Journaling is often considered an adult thing to do, but kids of all ages can benefit from journal writing, and it’s another one of my favorite stress relief activities for kids. Learning how to write our feelings out on paper can make a big difference in all of our lives, and teaching kids how to express themselves freely and work through their problems through their writing can be a very valuable life lesson. Guided journals offer an easy way to get kids used to the idea of journaling, and there are tons of different themes and ideas to choose from. Here are 6 of my favorites!
- Gratitude Journal. Described as a ‘toothbrush for the mind’, The Five-Minute Journal for Kids is a great kid’s journal for beginners as it doesn’t take a lot of time to complete, but helps get kids into the habit of carving out time each day to jot their thoughts on paper. The Five-Minute Journal is unique in that it is designed to train our brains to begin and end each day with feelings of happiness and positivity. By encouraging our children to focus on the good in their lives, we help improve their mental well-being by steering them away from negative, overwhelming thoughts. The Five-Minute Journal is also available for adults, so you can purchase a set for the entire family and make it a ritual you complete together at the start and end of each day. Learn more about The Five-Minute Journal for Kids HERE.
- Mom and Me Journal. If you’re looking for a way to connect with your child while also teaching him or her the importance of regular stress management, one of my favorite journals for kids is one you complete together. There are tons you can buy online – Just Between Us: Mother & Daughter and Between Mom and Me: Mother Son Journal are both great – and they provide wonderful opportunities for you to discuss lots of fun topics with your child to help you get to know one another a little better. They contain journal prompts for kids and parents as well as fun quizzes, blank pages to draw pictures on, and lined pages to write fun lists together.
- Fill in Journal. Not all kids are designed to write long-form journal entries, and that’s 100% okay! Whether your child is too young for a formal journal or has trouble focusing for long periods of time, Me: A Compendium might be just the kind of kid’s journal you’re looking for. It’s filled with a bunch of fill-in-the-blanks ranging from a child’s description of him- or herself to his or her likes and dislikes, and is designed to encourage creativity with space to draw pictures. Get your copy HERE.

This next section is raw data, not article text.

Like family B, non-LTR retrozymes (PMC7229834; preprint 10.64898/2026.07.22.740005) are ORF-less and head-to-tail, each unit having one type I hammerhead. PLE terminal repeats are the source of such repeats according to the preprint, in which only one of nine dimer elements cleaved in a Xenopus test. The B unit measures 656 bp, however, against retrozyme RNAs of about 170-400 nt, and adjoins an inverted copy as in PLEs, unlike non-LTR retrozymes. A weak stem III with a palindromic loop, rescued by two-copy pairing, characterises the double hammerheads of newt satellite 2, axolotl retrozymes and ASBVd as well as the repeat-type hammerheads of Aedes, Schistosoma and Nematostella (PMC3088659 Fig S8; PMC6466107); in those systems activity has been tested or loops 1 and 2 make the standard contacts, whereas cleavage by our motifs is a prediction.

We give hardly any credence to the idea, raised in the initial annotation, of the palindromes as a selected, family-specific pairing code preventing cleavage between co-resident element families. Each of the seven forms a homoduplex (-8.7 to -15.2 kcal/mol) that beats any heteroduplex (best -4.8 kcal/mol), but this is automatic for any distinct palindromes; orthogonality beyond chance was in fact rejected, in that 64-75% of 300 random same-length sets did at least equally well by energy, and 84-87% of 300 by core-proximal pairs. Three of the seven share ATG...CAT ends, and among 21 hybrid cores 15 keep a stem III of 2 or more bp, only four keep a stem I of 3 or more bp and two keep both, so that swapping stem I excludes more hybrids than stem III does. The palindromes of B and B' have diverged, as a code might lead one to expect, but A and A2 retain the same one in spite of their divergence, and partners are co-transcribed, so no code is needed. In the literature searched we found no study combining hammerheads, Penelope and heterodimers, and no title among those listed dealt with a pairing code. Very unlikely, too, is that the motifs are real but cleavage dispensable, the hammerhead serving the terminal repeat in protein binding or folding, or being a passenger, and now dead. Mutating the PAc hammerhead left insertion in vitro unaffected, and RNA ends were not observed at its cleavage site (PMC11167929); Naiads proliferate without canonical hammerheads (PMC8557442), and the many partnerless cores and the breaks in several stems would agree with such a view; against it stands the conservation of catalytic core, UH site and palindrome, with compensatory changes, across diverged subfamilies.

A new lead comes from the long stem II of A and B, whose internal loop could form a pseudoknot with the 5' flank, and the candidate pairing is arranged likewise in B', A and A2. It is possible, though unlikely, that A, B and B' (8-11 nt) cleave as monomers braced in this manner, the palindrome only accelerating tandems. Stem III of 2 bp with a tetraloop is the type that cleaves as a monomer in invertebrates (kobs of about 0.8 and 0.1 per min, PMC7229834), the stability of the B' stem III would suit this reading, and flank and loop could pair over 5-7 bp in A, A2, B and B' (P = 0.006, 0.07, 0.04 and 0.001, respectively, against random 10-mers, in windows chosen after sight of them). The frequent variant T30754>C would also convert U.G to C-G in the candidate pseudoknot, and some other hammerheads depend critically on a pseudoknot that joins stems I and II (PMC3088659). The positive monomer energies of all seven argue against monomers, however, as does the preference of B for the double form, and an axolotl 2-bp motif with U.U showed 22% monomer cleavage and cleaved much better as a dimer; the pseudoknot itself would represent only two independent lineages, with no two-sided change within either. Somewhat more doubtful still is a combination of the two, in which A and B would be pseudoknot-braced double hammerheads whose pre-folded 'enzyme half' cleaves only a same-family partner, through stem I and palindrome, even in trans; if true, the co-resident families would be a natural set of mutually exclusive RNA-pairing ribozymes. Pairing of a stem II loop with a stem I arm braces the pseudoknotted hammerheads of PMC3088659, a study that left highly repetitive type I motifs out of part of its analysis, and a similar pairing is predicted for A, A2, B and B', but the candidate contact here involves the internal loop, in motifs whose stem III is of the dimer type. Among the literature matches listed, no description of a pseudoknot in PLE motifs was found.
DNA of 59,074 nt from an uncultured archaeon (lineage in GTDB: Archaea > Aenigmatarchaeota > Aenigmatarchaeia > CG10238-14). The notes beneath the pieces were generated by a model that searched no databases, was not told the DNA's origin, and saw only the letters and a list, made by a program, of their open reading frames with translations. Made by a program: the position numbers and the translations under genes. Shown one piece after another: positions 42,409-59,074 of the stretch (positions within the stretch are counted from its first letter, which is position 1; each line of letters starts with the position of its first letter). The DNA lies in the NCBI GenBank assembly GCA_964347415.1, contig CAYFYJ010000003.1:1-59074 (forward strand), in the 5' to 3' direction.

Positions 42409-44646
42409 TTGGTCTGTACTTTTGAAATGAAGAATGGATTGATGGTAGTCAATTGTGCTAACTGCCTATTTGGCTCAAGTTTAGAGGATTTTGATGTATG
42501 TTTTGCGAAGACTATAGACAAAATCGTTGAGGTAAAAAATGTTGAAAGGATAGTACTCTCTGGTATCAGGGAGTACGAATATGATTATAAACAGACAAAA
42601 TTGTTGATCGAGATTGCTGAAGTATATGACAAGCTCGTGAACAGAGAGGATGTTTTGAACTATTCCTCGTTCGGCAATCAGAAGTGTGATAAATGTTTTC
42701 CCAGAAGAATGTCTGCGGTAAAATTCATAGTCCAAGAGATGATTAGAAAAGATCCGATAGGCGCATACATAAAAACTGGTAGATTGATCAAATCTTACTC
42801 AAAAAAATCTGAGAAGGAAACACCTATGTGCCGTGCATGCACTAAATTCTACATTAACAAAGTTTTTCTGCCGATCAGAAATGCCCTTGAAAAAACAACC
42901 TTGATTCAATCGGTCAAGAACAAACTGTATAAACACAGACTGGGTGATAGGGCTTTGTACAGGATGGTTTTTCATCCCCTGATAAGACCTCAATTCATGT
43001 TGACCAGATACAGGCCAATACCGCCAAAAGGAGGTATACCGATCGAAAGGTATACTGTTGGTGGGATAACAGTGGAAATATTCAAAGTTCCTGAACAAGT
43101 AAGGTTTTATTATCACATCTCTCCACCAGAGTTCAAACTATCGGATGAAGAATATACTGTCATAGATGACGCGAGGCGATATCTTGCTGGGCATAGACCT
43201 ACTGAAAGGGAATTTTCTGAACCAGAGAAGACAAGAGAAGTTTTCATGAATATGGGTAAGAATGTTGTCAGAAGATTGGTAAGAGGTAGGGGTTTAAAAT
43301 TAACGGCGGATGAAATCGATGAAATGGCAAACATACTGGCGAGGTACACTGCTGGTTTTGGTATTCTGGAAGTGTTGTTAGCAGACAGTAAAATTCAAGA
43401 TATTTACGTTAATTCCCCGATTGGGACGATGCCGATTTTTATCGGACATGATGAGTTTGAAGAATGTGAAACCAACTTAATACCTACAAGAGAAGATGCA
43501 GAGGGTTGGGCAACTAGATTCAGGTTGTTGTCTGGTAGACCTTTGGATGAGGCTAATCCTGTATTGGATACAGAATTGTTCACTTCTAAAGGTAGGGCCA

- Draw and Write Journal. My daughter started keeping a draw and write journal when she was in first grade, and it was one of her most favorite things to do each day. The exercise was pretty open-ended, and the only ‘rule’ she had to follow was that she had to write a complete sentence each time she wrote in her journal. My daughter wasn’t much of a writer prior to grade 1, but by the time she reached grade 2, she was writing complete fiction stories, and creative writing is definitely on the list of her favorite stress relief activities for kids! We really love this draw and write journal from Amazon.
- Scrapbook Journal. If your child is artistically inclined, scrapbooking is a great activity to get them involved with as it provides a great creative outlet and gives them a place to collect and reflect over their best memories as they grow, which can be very calming and therapeutic. Beginners will probably need a scrapbook kit to get them going, but as your child gets older, let them choose a notebook and some gel pens, and then watch as they work with other materials already available to them at home.
- Writing Prompts Journal. Older children with big emotions and worries will benefit greatly from writing their thoughts in a blank notebook each day (consider buying your child a diary with a lock for added privacy), and if they have trouble coming up with things to say, this post has a month’s worth of writing prompts for kids to inspire you and your little one! You can go in order, or write each idea on a popsicle stick and create your own ‘journal prompts for kids’ jar your child can draw from each time he or she is stuck and doesn’t know what to write about.